Saudi air strikes Yemen Houthis
Houthi militants inspect a tunnel leading to the presidential house in Yemen's capital Sanaa damaged in a Saudi-led air strike Reuters

An alleged Saudi coalition's air strike on a wedding party in Yemen has killed at least 13 people, a week after a similar raid slaughtered 131 civilians at a wedding causing widespread condemnation.

The latest bombing hit a house where dozens of people were celebrating in the town of Sanban, held by rebel Houthi forces. Witness and local resident Taha al-Zuba told AFP that "coalition warplanes launched the attack". "The house was completely destroyed," he said. "Warplanes were heard in the area ahead of the attack."

Medical sources said another 38 people were wounded. But Saudi coalition spokesman brigadier general Ahmed al-Assiri denied any role in the attack. "We did not conduct any operation in Dhamar...No strikes there, definitely," he told AFP.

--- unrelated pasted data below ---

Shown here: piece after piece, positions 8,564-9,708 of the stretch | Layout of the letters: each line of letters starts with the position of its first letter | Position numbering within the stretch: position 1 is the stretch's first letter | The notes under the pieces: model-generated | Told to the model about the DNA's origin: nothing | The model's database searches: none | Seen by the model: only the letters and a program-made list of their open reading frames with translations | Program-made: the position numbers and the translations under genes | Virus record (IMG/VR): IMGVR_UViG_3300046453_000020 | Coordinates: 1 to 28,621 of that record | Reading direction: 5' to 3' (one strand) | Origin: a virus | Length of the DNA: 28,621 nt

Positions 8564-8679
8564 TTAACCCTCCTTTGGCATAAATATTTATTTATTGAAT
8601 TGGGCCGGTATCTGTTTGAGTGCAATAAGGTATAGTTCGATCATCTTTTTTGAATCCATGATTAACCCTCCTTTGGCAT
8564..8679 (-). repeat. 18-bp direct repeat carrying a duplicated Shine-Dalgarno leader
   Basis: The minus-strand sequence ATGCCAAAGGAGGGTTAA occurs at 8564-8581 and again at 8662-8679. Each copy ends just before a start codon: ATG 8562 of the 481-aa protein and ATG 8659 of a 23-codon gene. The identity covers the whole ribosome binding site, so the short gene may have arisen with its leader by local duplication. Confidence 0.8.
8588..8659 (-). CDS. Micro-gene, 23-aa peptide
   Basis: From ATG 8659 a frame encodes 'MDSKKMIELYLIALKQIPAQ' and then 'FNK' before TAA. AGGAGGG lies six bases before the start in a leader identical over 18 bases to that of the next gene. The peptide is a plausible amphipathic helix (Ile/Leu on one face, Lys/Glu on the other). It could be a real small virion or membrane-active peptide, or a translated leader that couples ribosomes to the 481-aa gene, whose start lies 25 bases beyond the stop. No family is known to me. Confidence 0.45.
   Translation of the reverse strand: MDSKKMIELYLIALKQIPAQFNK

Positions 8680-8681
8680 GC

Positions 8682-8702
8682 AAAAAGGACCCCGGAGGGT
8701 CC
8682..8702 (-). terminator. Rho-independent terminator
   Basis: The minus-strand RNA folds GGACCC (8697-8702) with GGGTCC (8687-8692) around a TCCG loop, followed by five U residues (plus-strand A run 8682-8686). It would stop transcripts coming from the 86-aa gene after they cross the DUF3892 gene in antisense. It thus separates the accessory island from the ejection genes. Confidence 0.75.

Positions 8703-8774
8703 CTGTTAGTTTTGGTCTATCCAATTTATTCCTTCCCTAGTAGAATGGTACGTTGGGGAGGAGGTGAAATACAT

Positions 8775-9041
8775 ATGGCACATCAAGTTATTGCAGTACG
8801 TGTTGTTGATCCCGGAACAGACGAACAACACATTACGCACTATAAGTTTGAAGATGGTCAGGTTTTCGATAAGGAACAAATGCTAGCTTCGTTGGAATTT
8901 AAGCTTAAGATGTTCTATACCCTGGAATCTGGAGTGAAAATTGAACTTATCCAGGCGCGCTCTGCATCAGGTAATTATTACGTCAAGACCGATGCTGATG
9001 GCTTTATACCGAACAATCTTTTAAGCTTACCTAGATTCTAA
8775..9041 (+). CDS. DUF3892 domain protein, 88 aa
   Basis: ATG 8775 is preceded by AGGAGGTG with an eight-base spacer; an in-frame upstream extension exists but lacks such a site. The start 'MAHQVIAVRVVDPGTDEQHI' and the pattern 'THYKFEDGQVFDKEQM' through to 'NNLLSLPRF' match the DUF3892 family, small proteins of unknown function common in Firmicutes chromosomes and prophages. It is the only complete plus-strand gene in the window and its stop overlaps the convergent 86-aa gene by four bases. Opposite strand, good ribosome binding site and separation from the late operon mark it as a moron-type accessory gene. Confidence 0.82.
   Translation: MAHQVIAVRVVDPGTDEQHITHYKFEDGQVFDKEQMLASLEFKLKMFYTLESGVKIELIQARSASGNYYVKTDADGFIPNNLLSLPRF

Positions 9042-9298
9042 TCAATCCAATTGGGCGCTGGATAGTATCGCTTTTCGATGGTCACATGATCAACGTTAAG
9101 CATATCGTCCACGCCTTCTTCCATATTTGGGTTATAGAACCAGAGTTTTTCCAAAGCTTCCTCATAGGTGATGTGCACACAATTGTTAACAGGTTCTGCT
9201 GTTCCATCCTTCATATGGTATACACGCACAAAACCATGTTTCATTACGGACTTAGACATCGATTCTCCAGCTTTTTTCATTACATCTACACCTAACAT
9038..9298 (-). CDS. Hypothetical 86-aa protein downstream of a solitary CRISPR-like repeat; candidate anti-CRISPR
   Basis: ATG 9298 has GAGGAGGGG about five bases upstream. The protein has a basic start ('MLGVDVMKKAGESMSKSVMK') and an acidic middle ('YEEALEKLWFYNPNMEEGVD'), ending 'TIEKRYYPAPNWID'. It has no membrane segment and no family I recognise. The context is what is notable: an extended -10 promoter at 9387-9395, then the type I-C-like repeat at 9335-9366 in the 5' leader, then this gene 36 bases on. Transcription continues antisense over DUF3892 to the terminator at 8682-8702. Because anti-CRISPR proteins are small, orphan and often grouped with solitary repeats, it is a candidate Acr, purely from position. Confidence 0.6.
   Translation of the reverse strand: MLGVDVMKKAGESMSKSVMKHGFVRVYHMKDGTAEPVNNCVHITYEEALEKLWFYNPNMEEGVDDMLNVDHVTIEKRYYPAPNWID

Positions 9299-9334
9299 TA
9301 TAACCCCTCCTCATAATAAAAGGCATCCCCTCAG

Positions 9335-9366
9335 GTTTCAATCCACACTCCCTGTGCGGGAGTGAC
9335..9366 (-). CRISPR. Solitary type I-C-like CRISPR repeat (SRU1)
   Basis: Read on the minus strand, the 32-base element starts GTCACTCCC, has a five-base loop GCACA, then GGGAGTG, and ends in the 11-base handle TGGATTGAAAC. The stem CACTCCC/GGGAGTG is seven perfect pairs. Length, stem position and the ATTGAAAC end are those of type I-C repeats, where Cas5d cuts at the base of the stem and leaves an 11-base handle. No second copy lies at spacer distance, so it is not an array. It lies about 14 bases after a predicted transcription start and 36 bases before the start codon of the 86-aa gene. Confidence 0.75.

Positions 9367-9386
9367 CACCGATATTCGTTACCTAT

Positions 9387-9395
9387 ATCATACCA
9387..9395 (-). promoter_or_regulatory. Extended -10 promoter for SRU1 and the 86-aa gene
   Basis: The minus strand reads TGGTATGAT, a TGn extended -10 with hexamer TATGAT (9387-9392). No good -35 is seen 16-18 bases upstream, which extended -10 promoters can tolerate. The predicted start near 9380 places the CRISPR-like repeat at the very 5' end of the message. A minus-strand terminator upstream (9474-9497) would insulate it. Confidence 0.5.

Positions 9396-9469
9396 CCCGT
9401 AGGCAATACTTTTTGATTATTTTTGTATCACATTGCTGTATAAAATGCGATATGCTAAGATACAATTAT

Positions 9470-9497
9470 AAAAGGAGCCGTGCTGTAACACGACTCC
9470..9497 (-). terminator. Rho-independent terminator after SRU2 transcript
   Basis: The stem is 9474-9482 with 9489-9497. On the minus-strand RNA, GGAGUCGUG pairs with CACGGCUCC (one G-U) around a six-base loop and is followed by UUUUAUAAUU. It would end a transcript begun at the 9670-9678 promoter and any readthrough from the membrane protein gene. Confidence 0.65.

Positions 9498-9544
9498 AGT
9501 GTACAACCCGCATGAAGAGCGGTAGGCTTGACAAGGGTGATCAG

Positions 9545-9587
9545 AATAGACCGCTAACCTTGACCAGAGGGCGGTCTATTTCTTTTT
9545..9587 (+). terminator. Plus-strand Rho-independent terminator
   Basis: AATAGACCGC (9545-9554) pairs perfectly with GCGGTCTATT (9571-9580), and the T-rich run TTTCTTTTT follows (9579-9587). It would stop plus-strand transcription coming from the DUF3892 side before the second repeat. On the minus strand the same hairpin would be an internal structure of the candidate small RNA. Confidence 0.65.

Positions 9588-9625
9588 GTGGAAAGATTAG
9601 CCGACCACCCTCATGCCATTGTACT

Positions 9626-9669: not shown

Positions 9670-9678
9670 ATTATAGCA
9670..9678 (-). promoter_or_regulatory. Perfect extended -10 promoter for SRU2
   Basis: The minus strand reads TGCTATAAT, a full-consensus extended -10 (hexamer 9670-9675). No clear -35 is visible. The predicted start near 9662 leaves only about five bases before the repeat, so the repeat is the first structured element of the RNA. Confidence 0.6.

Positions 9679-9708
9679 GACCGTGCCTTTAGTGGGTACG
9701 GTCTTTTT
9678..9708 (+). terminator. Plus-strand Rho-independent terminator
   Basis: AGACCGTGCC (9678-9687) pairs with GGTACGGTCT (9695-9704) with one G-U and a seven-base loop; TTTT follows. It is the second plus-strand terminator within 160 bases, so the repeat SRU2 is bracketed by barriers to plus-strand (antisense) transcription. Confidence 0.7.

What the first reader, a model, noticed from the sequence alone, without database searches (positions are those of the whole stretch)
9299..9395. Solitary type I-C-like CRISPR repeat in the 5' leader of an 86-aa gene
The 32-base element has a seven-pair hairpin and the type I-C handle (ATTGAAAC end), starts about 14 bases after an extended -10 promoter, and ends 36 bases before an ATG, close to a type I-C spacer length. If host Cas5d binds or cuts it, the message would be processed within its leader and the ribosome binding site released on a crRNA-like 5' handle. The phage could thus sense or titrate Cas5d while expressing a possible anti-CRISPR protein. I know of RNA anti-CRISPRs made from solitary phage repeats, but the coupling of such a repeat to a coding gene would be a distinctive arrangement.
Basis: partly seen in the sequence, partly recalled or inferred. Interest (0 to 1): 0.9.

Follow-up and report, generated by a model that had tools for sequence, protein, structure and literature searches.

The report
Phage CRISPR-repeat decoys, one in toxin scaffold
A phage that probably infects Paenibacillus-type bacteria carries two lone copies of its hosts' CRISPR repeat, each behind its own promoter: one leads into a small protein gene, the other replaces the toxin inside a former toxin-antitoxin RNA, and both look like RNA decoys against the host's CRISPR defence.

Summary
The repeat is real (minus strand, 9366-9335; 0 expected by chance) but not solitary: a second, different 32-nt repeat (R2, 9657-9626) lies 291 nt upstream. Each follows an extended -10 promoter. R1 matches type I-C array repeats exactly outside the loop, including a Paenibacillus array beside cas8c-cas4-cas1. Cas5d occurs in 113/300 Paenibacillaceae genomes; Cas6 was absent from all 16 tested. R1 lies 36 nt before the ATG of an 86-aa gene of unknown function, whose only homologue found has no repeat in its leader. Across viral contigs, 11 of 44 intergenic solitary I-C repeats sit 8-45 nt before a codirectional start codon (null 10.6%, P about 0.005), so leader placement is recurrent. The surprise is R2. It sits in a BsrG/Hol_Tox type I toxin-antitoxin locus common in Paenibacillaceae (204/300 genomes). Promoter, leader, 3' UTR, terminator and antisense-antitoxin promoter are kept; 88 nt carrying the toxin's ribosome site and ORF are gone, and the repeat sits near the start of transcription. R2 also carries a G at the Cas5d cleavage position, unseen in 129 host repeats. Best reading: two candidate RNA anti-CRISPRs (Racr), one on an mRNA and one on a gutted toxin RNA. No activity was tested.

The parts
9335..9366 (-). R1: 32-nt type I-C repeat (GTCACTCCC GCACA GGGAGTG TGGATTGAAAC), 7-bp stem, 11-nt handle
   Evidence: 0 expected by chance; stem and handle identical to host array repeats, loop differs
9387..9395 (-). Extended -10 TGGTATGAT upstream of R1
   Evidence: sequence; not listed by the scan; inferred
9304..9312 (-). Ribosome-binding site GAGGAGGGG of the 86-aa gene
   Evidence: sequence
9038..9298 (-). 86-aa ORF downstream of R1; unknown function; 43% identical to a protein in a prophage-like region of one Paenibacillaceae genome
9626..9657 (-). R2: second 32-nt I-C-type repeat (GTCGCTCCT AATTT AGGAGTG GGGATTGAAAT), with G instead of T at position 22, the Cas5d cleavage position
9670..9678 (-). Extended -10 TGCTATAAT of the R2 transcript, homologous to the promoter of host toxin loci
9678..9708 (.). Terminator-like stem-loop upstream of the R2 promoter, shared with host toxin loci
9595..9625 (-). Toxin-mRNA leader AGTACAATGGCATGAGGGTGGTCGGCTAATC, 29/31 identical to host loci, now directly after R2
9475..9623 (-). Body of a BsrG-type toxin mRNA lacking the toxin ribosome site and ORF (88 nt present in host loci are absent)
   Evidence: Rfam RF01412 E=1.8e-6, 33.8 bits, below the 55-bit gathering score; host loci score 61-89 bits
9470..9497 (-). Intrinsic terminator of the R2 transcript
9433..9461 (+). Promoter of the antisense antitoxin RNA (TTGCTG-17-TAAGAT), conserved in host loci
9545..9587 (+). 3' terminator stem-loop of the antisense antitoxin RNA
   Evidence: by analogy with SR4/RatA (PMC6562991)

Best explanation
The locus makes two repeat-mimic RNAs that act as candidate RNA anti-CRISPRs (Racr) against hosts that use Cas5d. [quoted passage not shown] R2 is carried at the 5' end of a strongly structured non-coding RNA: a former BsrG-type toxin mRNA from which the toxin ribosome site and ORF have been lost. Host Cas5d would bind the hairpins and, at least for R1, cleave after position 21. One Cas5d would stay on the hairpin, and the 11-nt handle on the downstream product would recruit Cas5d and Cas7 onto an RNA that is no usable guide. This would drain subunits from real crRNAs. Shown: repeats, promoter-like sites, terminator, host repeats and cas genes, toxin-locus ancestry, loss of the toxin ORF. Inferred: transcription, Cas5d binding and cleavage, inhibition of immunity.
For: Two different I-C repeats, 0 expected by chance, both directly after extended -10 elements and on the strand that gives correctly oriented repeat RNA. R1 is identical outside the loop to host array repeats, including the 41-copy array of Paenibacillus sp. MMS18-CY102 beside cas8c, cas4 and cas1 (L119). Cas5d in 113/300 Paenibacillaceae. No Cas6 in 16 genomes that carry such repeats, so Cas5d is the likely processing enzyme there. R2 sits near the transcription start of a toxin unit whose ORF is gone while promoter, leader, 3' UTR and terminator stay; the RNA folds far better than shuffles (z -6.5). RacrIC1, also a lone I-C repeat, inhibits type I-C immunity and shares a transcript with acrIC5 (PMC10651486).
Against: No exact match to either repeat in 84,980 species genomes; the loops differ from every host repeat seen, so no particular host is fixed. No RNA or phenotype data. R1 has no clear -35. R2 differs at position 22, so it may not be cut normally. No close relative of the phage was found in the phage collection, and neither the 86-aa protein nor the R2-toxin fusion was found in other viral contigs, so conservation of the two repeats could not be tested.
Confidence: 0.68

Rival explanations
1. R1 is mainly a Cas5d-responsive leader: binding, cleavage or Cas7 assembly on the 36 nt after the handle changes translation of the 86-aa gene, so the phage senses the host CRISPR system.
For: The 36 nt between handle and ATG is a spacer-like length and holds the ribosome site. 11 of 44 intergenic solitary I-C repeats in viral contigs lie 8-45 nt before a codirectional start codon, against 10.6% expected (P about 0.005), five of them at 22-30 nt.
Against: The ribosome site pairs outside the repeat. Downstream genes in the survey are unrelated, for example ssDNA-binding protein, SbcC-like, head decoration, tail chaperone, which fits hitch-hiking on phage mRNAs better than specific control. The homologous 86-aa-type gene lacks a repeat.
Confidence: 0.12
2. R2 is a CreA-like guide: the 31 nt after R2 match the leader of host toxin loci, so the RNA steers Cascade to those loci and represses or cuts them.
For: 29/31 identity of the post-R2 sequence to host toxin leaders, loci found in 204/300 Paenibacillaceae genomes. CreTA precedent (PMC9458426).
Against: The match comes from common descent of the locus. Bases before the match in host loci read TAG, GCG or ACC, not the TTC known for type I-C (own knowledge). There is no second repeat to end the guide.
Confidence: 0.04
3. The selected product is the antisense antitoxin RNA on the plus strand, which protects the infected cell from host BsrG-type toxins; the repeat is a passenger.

On 28 September, a suspected Saudi strike killed 131 people, including women and children, in one of the deadliest attacks on civilians in the country.

Saudi Arabia has denied launching the aerial bombardment that caused the wedding party carnage, which took place in Al-Wahijah, a village near the Red Sea port of Al-Mokha.

A coalition spokesman suggested that local militias may have been responsible for the raid. Brigadier-General Ahmed Al Asseri told Reuters: "There have been no air operations by the coalition in that area for three days. This is totally false news."

The strike hit two tents during a wedding for a local man linked to the Houthis. On 28 September a security source put the death toll at 38, with at least 40 people injured. A medical source at a local hospital in Maqbana, where the casualties were taken, told Reuters on 29 September that the death toll from the attack had risen to 131.